Fourth Quarter 2019 Market and Economic Review
During the fourth quarter of 2019, equity markets rose significantly around the world with a few indices at or near all-time record highs. Fixed income and cash lagged as there was a definite movement of assets from these “safer categories” to the so-called “risk ON trade.”
The S&P 500 index, which tracks large U.S. companies, was one of the record setters as it moved above the 3,200-mark for the first time in history. After a dip in early October dominated by the fears of tariffs and Impeachment, higher than expected earnings and positive news on trade moved the markets up sharply the last two months to finish a tremendous year. For the quarter the S&P 500 index price was up 8.53% and up 28.88% for the year which was the indices best yearly performance since 2013.
Small US companies also moved up, but they remain off the record highs set in September of 2018. The Russell 2000 index, which tracks small U.S. companies, ended the quarter up 9.94% and up 25.52% for the year.
Many international countries depend on exports more than the US and the overseas slowdown has been more severe alongside tariff worries. Asia was concerned with the protests in Hong Kong and the possible response by the Chinese government. The widely followed and broad MSCI EAFE which follows Europe, Asia, and the Far East has still not approached its high set early in 2018, but it showed a nice rally in the fourth quarter. It ended the quarter up 8.17% and up 22.01% for the year.
Bonds lagged significantly in the quarter as money moved out of fixed income and cash to buy stocks. The yield on the 10-Year US Treasury stands at 1.88%. The national average for 30-year mortgages stands at 3.99%.
For a diversified portfolio, here is an update of benchmark returns.
* Each benchmark is allocated based on assumed Risk Profile of underlying indexes.
**Benchmarks include a mixture of ICE BofAML US 3-month Treasury Bill Index, Barclays Global Aggregate Bond Index, Barclays US Aggregate Bond Index, MSCI EAFE Index, and the Value Line Composite Index (Geometric). These benchmarks are the same as those in the Risk/Return and Account Analytics sections of client quarterly performance reports. By comparing your portfolio’s return to the benchmark with the closest risk/return characteristics, you get a more accurate reading of portfolio performance than using a less diversified benchmark, such as the S&P 500 index.
Worries of a US/China Trade War, Hong Kong, and worldwide recession dominated the first couple of weeks of the fourth quarter creating anxiety about future economic growth. The Presidential impeachment was a non-factor as the markets believe getting a two-thirds vote in the Senate for conviction and removal is near impossible. The markets have dealt with dysfunction in Washington for a couple of years and have grown used to it. When a preliminary deal was coming together to remove or delay Chinese tariffs and earnings came in above expectations, many economists reacted positively.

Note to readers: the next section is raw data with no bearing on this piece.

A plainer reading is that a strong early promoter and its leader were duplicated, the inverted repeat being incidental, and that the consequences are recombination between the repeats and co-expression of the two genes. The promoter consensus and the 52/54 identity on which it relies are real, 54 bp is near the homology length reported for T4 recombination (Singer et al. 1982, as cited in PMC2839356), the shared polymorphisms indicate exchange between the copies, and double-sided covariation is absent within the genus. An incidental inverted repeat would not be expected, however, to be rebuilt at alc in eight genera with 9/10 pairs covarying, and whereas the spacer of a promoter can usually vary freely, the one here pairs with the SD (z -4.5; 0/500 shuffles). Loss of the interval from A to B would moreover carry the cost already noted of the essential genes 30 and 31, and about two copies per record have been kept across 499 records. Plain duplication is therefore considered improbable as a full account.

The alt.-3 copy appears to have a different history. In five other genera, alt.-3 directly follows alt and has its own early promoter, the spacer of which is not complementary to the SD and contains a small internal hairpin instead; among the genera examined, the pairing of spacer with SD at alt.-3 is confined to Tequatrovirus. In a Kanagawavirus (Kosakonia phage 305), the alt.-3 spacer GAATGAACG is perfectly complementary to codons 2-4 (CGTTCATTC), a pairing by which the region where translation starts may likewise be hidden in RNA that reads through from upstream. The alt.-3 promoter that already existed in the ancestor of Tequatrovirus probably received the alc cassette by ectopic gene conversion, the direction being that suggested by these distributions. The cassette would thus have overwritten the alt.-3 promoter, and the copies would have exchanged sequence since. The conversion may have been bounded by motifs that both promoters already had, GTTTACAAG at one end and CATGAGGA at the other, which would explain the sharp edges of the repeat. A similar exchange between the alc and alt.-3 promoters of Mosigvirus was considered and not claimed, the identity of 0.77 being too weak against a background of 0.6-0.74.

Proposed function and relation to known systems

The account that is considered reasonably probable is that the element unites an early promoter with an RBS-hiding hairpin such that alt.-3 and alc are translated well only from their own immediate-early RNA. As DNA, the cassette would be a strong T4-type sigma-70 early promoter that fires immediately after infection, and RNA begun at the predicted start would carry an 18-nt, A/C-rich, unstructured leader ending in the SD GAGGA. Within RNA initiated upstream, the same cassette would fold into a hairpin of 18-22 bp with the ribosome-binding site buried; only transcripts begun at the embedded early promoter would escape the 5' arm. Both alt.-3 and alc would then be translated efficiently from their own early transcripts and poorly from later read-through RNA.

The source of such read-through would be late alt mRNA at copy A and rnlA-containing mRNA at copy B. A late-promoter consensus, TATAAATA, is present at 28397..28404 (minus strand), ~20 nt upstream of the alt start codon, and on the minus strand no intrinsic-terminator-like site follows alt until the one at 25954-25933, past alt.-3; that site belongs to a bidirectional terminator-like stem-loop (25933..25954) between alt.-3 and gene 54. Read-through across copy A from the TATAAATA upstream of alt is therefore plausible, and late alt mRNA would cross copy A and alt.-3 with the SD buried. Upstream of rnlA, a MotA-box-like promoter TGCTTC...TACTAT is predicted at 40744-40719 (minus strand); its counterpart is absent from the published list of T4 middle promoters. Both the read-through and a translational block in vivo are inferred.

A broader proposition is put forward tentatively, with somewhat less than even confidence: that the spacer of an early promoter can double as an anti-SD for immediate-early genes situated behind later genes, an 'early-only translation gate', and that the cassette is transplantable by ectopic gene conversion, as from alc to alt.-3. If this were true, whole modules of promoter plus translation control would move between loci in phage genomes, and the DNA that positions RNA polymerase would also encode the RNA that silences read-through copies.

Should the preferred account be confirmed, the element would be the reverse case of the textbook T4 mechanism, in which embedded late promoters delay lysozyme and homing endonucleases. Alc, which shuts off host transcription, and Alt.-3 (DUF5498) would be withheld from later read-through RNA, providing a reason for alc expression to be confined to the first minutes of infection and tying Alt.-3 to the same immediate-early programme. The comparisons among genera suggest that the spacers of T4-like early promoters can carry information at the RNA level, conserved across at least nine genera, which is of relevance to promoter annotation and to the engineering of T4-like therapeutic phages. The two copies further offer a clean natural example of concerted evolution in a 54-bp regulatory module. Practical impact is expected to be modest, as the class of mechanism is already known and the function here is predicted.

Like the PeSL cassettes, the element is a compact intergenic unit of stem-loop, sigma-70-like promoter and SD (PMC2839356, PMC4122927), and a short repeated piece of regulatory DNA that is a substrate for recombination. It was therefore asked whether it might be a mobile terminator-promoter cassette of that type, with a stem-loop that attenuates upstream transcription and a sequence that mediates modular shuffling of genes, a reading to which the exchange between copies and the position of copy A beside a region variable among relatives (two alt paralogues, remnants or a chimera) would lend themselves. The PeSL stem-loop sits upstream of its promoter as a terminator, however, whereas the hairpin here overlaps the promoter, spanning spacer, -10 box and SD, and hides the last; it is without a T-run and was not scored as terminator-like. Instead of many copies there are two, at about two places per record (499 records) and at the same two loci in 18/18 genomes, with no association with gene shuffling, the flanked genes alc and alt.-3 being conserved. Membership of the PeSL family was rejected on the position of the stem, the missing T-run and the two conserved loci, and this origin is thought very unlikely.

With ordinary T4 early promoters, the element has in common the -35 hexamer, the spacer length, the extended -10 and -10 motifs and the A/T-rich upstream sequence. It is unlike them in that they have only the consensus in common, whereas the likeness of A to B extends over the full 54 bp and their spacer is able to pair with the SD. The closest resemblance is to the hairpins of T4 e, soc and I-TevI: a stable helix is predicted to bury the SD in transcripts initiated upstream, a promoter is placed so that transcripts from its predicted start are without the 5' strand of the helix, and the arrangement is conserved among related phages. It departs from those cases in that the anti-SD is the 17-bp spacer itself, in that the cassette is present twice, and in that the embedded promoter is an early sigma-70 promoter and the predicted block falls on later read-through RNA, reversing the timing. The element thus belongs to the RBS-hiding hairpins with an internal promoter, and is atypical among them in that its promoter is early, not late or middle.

The U.S. economy grew according to the third-quarter GDP reading (the latest available) at 2.1 percent. While this is not an overwhelming growth number it is better than the 2.0 reading in the second quarter showing that the anticipated weakening and recession have not materialized.
The Federal Reserve’s three rate cuts have both “normalized the yield curve” and inspired confidence in consumers and some areas of business. A likely factor in the trend reversal in GDP, as well.
In Europe, the European Central Bank (ECB) has a new chair as Christine Lagarde took over for Mario Draghi on October 31st. Under Draghi, the ECB had restarted quantitative easing and was making asset purchases. It is thought that Lagarde will be more focused on European fiscal spending and try to reduce monetary stimulus. This could bring European rates out of negative territory. German GDP remains weak, but it continues to avoid recession.
In the UK, it looks like Brexit is coming sooner rather than later. The deadline is January 31, 2020. The recent elections increased Boris Johnson’s power and a Withdrawal Agreement Bill passed December 20th by a 358 to 234 vote. Assuming the bill passes the European Parliament, the UK will officially depart the European Union following a “transition period” that will require at least the remainder of the year. That transition period will be used to negotiate trading terms and moves the risk in the markets regarding a “No-Deal” on trade and security matters to the end of next year.
Japan, the third-largest economy in the world, continues its slow growth. Estimates by the International Monetary Fund anticipate a growth of 0.5%. An aging population and lack of quality replacement workers remain a great challenge.
China’s economy continued to slow, expectations are for 6-7% growth, but that is down significantly from the 14% number of a few years ago. The trade war has taken its toll on the “optimism” of the average Chinese consumer. Food has been especially hard hit with price increases that have averaged 10-15%. The cost of pork has doubled.
We will continue to monitor portfolios and make changes as appropriate. We wish all a happy, healthy, and prosperous New Year!